2017

Glimmer of hope

2017 has been a year of suffering and distress for millions of refugees and displaced. We have caught some of the moments that give hope.

The Norwegian Refugee Council is an independent humanitarian organisation helping people forced to flee. We work in crises across 31 countries, where we help save lives and rebuild futures.

Read caption Jonathan (middle) supervises Gabriel, one of Umoja Radio 92.3 FM's hosts in Nyarugusu camp, broadcasts live to millions of listeners around the globe. Photo: Ingrid Prestetun/NRC

TANZANIA

The Radioman

Journalists are often harassed and arrested in the Democratic Republic of the Congo and Tanzania. That didn’t stop Jonathan from starting his own radio station.

When Jonathan from DR Congo first arrived in Tanzania’s Nyarugusu refugee camp in 1997, he was wary. There was little information circulating about issues affecting the camp´s residents. In Nyarugusu, one of the largest refugee camps in the world, things were happening. But nobody knew about them.

Read the full story here.

Read caption Second grade Afghan and Iranian schoolgirls sit side by side at Kowsar School, near Kerman city. Photo: Marjan Jesmi/NRC

IRAN

First day of school

Afghan schoolchildren are joining their Iranian peers on the first day of school.

It’s 23 September, first day of autumn. The day when, after three months of summer break, schoolgirls and boys throughout Iran return to a new year of studies. Over the past three years, Iranian public schools have also opened their doors to Afghan children without legal documentation – children who would otherwise not have the right to attend school.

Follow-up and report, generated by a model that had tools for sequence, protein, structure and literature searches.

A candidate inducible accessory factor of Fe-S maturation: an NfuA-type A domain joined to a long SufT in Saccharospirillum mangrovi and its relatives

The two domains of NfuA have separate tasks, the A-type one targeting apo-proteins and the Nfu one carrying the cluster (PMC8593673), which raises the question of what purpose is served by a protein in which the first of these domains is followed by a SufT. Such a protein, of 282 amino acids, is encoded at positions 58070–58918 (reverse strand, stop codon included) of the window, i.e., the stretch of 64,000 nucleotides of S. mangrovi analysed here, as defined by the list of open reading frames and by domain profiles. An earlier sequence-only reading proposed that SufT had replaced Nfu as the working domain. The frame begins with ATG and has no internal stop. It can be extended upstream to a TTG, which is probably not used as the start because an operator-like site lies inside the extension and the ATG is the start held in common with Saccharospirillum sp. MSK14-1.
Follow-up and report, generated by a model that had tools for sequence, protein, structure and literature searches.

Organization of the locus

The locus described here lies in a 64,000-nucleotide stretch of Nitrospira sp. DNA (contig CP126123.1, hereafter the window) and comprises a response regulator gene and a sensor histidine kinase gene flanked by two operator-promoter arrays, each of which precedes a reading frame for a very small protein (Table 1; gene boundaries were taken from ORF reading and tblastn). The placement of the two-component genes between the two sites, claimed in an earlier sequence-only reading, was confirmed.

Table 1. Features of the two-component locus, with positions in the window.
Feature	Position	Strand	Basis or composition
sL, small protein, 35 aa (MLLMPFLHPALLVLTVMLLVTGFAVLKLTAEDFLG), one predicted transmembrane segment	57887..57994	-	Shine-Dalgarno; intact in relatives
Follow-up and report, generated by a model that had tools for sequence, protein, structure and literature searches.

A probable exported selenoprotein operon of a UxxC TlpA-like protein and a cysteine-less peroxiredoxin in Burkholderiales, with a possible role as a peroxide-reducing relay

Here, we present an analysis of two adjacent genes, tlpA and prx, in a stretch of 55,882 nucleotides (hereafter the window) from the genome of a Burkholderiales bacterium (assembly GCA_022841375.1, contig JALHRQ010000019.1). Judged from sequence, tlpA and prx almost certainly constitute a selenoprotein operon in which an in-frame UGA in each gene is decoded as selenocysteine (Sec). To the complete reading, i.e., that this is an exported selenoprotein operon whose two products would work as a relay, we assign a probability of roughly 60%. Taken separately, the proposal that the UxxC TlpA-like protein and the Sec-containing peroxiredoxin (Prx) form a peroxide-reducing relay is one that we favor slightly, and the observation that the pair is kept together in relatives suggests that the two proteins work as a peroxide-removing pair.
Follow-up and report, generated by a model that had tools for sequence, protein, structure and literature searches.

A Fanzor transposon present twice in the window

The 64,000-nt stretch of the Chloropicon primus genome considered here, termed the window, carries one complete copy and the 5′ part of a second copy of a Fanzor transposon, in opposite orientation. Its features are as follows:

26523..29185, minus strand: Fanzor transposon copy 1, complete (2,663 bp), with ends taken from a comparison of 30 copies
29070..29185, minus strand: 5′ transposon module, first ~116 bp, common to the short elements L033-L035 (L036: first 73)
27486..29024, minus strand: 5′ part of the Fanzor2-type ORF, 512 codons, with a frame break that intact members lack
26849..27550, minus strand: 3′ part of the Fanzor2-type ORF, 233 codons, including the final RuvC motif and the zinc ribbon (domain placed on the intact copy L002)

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Read caption Douaa Sakhnini with her daughter Sara. Sakhnini had to drop out of university when she became a mother, but now in Greece she's become the breadwinner for her family. Photo: Maria Gounaridou/NRC

GREECE

Once a dropout, now a teacher

The Syrian war has turned many lives upside down. For Douaa Sakhnini, it has also reversed traditional gender roles.

At 18 years old, Douaa Sakhnini got married. At 19, she enrolled in university. At 20, she had her first child and dropped out to become a full-time mother. She watched with envy as her friends graduated and got jobs.

Read the full story here.

Read caption “I was told that grade 9 is very difficult, and it’s not easy to pass it especially since I attend the second shift schools in the afternoon for Syrian refugees. But, I wasn’t afraid at all when I sat for the official exams. The questions were easy,” says Yasmine, 17. Photo: Nadine Malli/NRC

LEBANON

Education first

As the Syrian crisis is in its seventh year accessing formal education is still difficult for refugees. Hundred thousands of children are deprived from education opportunities as they are forced to help their families make ends meet. However, for 17-year old Yasmine* and her family education remains a top priority.